This is a particularly exciting fall with elections around the corner. And with festivals and harvest celebrations to attend and cooler weather moving in, our taste buds are ready for a change too.
When it comes to cheese, great summer weather makes for great fall cheeses. Seasonality is one of the least understood aspects of artisan cheese production because it often has little impact on factory-made cheese. For artisan and farmstead cheeses, however, seasonality plays a large role in the flavor profile of the cheese. Summer milk is the best for making cheese because livestock forage on fresh grasses from the pasture, which provides much better nutrition and subsequently more flavorful milk than a diet of grain supplements. Often you can actually see the difference in the color of cheese made with winter milk as opposed to summer milk. Winter milk cheeses are generally white, while the summer milk cheeses will have a green, yellow or straw colored tint. Many of our American artisan cheeses made May through August are aged four to six months before they are released. The first of these aged cheeses start to arrive in September.
If you want to experience this seasonality for yourself, delve into Marieke Goudas from Wisconsin or Shepherd’s Way cheeses from Nerstrand, Minn. Their Friesago just took third place at the American Cheese Society’s 2016 awards. Another award winner—which garnered first place—is Red Hawk, a washed rind, triple crème made by Cowgirl Creamery in California. One of my favorite fall cheeses, also a washed rind, is cave aged Taleggio. Not all Taleggio is created equal! Due to aging in natural caves, a great complexity and sense of place is impressed on this cheese. With its great aroma and bold flavor, this cheese lacks the bitter finish of mass produced Taleggio and is a beautiful complement to many Italian red wines. For a delightful fall wine and cheese pairing, serve Big Woods Blue with an eiswein or late harvest Riesling as an after dinner dessert course.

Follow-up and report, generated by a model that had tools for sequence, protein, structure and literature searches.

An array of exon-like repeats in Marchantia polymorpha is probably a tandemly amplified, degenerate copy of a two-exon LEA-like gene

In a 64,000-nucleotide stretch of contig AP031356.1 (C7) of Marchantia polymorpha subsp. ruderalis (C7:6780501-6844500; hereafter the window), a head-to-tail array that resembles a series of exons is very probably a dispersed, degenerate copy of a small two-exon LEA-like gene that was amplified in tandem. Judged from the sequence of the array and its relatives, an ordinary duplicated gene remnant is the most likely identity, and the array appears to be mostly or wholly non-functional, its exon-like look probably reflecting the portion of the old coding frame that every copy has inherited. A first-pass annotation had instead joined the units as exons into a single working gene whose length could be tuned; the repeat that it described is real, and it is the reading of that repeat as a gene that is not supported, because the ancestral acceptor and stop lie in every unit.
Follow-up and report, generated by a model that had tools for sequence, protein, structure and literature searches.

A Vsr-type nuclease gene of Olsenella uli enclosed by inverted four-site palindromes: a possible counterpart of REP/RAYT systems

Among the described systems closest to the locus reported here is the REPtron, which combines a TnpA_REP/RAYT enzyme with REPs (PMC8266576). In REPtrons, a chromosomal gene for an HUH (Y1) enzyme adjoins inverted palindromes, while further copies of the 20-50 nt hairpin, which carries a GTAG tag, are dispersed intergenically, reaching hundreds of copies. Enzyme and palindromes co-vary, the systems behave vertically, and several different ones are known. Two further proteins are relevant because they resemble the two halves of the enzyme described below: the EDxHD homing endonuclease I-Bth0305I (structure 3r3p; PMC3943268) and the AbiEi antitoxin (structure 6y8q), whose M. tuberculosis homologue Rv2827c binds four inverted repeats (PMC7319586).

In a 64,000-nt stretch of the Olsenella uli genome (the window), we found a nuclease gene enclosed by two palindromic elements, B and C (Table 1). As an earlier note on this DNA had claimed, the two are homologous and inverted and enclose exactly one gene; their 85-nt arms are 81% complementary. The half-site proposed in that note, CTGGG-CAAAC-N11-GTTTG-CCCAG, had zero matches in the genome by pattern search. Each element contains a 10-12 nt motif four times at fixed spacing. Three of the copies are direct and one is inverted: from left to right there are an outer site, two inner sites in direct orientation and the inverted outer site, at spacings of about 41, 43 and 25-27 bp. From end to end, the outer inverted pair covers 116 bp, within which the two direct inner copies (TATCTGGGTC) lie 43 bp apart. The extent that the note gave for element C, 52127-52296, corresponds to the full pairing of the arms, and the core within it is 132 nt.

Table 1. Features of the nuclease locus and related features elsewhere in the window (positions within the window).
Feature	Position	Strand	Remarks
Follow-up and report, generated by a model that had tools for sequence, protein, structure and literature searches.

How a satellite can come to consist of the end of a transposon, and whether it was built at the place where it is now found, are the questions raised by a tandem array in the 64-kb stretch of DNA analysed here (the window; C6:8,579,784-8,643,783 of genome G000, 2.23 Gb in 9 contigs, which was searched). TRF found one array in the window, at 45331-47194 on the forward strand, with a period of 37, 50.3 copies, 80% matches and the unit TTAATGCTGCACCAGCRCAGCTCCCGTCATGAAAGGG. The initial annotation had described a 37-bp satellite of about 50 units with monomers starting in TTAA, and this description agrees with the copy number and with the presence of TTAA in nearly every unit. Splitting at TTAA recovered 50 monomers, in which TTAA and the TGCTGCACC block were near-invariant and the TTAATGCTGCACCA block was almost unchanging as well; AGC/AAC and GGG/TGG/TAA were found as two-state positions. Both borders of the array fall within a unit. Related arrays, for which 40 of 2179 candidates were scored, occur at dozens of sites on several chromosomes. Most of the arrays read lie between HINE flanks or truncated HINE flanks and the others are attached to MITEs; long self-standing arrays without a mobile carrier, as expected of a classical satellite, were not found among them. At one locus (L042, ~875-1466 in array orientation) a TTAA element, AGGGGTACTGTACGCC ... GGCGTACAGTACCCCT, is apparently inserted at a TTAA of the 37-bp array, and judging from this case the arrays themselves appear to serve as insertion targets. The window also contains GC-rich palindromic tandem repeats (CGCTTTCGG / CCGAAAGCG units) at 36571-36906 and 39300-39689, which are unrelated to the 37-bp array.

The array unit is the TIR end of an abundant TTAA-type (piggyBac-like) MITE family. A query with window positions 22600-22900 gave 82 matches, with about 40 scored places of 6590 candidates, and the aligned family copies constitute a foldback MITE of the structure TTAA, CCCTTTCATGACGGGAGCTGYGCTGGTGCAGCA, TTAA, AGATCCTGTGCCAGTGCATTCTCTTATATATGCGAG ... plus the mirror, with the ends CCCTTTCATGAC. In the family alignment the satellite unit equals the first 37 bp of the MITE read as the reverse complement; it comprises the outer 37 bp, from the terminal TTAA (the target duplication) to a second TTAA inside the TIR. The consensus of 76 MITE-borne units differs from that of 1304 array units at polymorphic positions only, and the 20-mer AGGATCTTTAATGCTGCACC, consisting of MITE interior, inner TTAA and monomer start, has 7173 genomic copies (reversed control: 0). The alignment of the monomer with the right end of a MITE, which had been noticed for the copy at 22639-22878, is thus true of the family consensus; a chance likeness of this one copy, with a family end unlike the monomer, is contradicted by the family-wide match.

Aside from fall cheeses, prosciutto—both di Parma from Italy and our very special La Quercia hams from Iowa – and Ibérico ham from Spain are wonderful this time of year. Of particular interest are the aforementioned cured hams from Spain. In case you have not tried them all, I will give you a quick introduction. Jamón Serrano is made from a white or Duroc pig. They are farm raised, generally fed cereal grains, and do some foraging as well. Jamón Ibérico is made from the Black Iberian “Pata Negra,” or black footed pig. It is a regional specialty of southwestern Spain. The Iberico pigs may have a diet of grains and forage, and spend a shorter time foraging for acorns in the fall than do the Jamón de Belotta. These pigs spend three months or more eating a diet exclusively of acorns. The Pata Negra can gain up to two pounds of weight a day, grazing and foraging on acorns, wild herbs and grasses. The acorn diet imparts the special nutty sweetness that makes this cured ham so special. A good Ibérico de Bellota ham has regular flecks of intramuscular fat due to the acorn diet. Much of the Jamón’s fat is high in oleic acid, a monounsaturated fatty acid that has been shown to lower LDL cholesterol and raise HDL cholesterol. After being cured and seasoned, it takes another two years of aging before they are ready to sell, and some age for three years. The best way to enjoy these special hams is to have them sliced very thin, served with nothing more than some good bread and perhaps spread with cultured butter. Like prosciutto, a slice of melon, peaches or figs will go nicely. We always use our very special manual Prosciutto slicer for our cured hams. A work of art in itself, this slicer is operated by turning a fly wheel. Unlike electric slicers, these slicers don’t heat the Prosciutto, Serrano and Ibérico hams as they are sliced.
Stop in and sample, savor and browse the next time you’re in the neighborhood; you are sure to get in the mood for the cool, crisp days to come.